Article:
George Gray, a third generation in the family, and still active, provided a list of employees of past years and up to the present. It was quite apparent to this author that there was not space for the complete list, so here it is for the year 1988, including mechanical, office, sales and supervisory. Sorry there is not space for the early years, too.

Karl Walters, Harold Owens, William McDaniel, Steve Thompson, Jeffery Hammer, John Machir, Frank W. Borer, James Brose, Robert Holderman, Toni Hill, Jean Roberts, Suellen Gehring, LaVonne Hipsher, Joy Pankurst, Loretta Mann, Charlotte Reffner, Roc Standish, Ronda Wedge, Bobbie J. Welly, Jennifer Cramer, Judy Wedge, Werner Cramer, James Willard, Kenneth McGuire, David Pike, James Abel, Michael Mitchell, Duane McVay, Fred Levee, Suzette Weiler, Joseph King, David Johnson, David Lorek, Elizabeth Welch, Donald Southward, Robert Reinhart, Judy Fruth, Kyle Glits, Judy Hermazn, Donna Hogan, Terry McDonald, Louise Wagner, Karen Buskirk, William Mansfield, Donald Lindhorst, Robert Carl Wagner, Richard McMorgan, Fraser Gilchrist, Willis Beck, James Emerine, Barbara Sams, Elmer Auer, Duane Buskirk, Ronald McClellan, Joel Crabtree, Diana Miller, John Valachovic, Richard Downs, Ralph Gilliland, Timothy Bliss, David Phillips, Ronda Roelle, Tim Reinhart, Byron Mann, Gerald Sams, Ralph Heaster, Wilbur Hall, Lynn Trautwien, Harold Young, Daryl White, Howard Richards, Craig Cole, Scott Finley, Martin Finley, Roger Hogan, Jerry Platt, Susan Holderman, Lawrence Smith, Malcolm Beck, Jerry L. Moses, Sr., Charles Fangboner, Thomas Calmes, James Etzinger, Brenda Bonawit, John Twiss, Claire Hanley, Glynn Joseph, Sr., Donald G. Correll, Daniel Ewing, Richard Fillhart, Terrance Meyers, David Holderman, Daniel Holman, Terry Hemrick, Michael Smith, Allen Brose, John Brose, John Harshman, David Dick, David Cramer, Terry Ward, Kenneth Sauber, Jr., Candy Kiser, Pete DiCesare, Sandra Lewallen, Richard Weissinger, Richard Graves, John Keith Risner, Clarence Campbell, Gary Welly, Margaret Deiter, Joan Filliater, Jane Chaney, Joy Zender, Deborah Kurcan, Eugene Zender, Barbara Sauber, Patricia Rumschlag, Faye Lombardy, Iris Jean Hastings, Theresa Harner, Becky Williams, Karen Brandeberry, Nancy Webster, Margaret Ellis, Barbara Hossler, Roger Bell, Joseph Emerine, Tina Droll, Carol Ann Goetz, Edria Tillotson, Daisy Cole, Eric Tyler, Mary J. Hubbard, James Walter, Kevin Wolph, Edward Forster, Helga Opitz, Donna Jean Smith, Bonnie Wertz, Carol Cramer, Anne Cramer, Penny Riggs, Kathy Dieter, Barbara L. Rice, Geraldine Barringer, Michael Tryon, Terry Baker, Charles Anning, Danny Allen Babb, Dean Barkley, Anne Clouse, Carol Creeger, Robert Etzinger, Jeannie Fairley, Lisa Fisher, Marvalene Fittro, Kelly Geyman, Phyllis Gilliland, James Gray, Robert Gray, Scott Gray, Thomas Gray, Ann Hoffman, Donald Kisabeth, Jack Lambright, Floyd Lawless, Mark LeVans, Kathy Lorek, James Main, Chris Massery, Darlene Mendoza, Sharon Mitten, Howard Ohler, Herbert Opitz, Gerald Puterbaugh, Leah Rader, Mazine Ramsey. Linda Reinhart, Sharon Reino, Bette Reiter, Judson Rinebold, Mike Shabel, Ross Stofflet, Harold Storrer, Jr., Russel Wice, and Michael J. Williams.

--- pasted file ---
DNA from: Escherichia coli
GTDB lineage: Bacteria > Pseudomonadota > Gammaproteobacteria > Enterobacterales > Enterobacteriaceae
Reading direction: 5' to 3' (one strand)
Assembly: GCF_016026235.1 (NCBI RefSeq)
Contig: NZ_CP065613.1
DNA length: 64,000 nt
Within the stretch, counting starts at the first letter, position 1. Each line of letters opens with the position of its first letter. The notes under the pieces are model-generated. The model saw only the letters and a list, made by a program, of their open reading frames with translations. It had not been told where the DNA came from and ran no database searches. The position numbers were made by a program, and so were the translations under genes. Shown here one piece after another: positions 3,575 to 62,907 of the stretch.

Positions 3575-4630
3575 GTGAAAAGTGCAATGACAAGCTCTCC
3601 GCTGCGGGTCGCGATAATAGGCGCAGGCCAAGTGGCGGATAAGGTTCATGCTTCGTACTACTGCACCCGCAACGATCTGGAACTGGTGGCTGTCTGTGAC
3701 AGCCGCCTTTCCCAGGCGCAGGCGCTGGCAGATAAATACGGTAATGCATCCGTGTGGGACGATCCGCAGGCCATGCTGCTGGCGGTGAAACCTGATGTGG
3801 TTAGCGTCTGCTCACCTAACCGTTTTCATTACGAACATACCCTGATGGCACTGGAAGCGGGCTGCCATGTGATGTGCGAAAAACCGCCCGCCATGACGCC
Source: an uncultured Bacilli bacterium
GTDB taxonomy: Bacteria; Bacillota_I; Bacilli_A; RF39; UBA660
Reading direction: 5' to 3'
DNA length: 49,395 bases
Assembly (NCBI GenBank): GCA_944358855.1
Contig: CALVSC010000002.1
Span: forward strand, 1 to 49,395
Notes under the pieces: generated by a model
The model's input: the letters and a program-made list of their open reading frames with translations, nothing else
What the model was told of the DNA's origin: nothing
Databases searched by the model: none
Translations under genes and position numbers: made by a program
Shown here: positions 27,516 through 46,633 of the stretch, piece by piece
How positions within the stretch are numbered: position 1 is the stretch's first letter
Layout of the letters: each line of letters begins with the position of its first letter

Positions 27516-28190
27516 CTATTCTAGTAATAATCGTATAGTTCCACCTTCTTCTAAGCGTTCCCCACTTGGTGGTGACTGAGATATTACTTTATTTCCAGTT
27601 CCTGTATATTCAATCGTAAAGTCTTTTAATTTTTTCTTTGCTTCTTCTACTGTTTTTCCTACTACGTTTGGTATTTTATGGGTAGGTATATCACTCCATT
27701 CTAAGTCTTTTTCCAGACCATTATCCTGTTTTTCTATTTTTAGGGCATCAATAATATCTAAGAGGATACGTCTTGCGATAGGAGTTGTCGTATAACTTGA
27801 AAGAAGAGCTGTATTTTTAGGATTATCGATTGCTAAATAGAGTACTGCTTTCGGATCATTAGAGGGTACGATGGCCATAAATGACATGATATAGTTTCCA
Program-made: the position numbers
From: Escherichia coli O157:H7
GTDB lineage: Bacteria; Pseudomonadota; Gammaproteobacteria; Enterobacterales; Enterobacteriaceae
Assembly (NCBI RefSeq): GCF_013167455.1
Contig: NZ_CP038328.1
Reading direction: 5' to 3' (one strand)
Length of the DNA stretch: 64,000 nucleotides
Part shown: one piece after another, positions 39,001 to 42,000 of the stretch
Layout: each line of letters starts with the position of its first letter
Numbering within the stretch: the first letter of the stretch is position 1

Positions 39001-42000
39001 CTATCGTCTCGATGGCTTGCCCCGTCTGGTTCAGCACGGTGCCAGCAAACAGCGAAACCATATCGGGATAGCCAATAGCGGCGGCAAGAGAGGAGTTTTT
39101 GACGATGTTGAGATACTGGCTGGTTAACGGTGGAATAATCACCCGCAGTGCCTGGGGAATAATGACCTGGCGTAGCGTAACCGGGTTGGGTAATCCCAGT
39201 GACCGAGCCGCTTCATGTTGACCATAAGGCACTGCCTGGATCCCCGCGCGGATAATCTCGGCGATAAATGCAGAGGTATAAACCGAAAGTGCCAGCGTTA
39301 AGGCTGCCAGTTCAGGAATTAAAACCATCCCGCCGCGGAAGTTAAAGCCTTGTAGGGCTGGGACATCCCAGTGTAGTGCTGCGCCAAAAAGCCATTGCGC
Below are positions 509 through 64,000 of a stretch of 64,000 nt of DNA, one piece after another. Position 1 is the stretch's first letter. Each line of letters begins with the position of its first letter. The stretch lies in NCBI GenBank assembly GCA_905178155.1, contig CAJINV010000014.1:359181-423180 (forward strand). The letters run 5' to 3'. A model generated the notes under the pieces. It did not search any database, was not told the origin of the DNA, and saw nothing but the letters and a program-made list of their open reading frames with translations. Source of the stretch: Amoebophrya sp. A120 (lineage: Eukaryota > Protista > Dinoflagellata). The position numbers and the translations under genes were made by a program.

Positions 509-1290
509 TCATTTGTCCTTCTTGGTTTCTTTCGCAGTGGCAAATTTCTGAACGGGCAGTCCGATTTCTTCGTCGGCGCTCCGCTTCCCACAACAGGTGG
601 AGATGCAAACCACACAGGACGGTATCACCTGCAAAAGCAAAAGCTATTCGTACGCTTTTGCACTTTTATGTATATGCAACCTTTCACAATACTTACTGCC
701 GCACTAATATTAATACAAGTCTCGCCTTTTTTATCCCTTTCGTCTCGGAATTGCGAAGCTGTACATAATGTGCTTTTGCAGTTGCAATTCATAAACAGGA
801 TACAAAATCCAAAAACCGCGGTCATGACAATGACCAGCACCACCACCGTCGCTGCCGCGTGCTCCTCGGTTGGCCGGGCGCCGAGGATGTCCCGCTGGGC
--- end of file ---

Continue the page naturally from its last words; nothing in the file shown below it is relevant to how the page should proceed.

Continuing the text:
The Gray board of directors

Those business men and women, some on the inside and some on the outside, who keep the management team advised, and offset nearsighted views by not being so close to everyday problems. The current directors are Von Boll, president of Cummins, Michigan; Frank Kinn, retired president of Commercial Bank and Savings; Robert Gray, executive VP and sales manager; Scott Gray, secretary; James Gray, chairman of the board; George Gray, retired chairman emeritus; Don Mennel, chairman of the board, Mennel Milling Co., William Holliday, retired, Peggy Gray Candies; Lisa Gray Fisher, sales representative.

Heed God's word

Jesus said, "Lift up your eyes" ... Say not ye. There are yet four months, and then cometh harvest? I say unto you Lift up your eyes, and look on the fields; for they are white already to harvest." (John 4:35)

North America a mission field? Absurd, you may say. But it is true. A field, ripe for harvesting of precious persons for whom Christ died; a mission field stretching across North America is in view.

One of the largest and ripest fields today is teeming with refugees and immigrants from Asia. The area of our world with two-thirds of the earth's people. These Asian arrivals, especially the Indo-Chinese, are responsive to the gospel of Christ. They are eager to find love, acceptance and friendship.

Long Beach, Calif., is one of the places where the Church of the Nazarene is responding with laborers for this harvest of soul. About a decade ago, the first Asians began coming to Long Beach First Church of the Nazarene. The church has not been the same since. Today, the largest ethnic ministry of the church is well over 1,000 people.

The Asian Nazarene Bible College Extension is there also, training Asians to be pastors, teachers, evangelists and missionaries.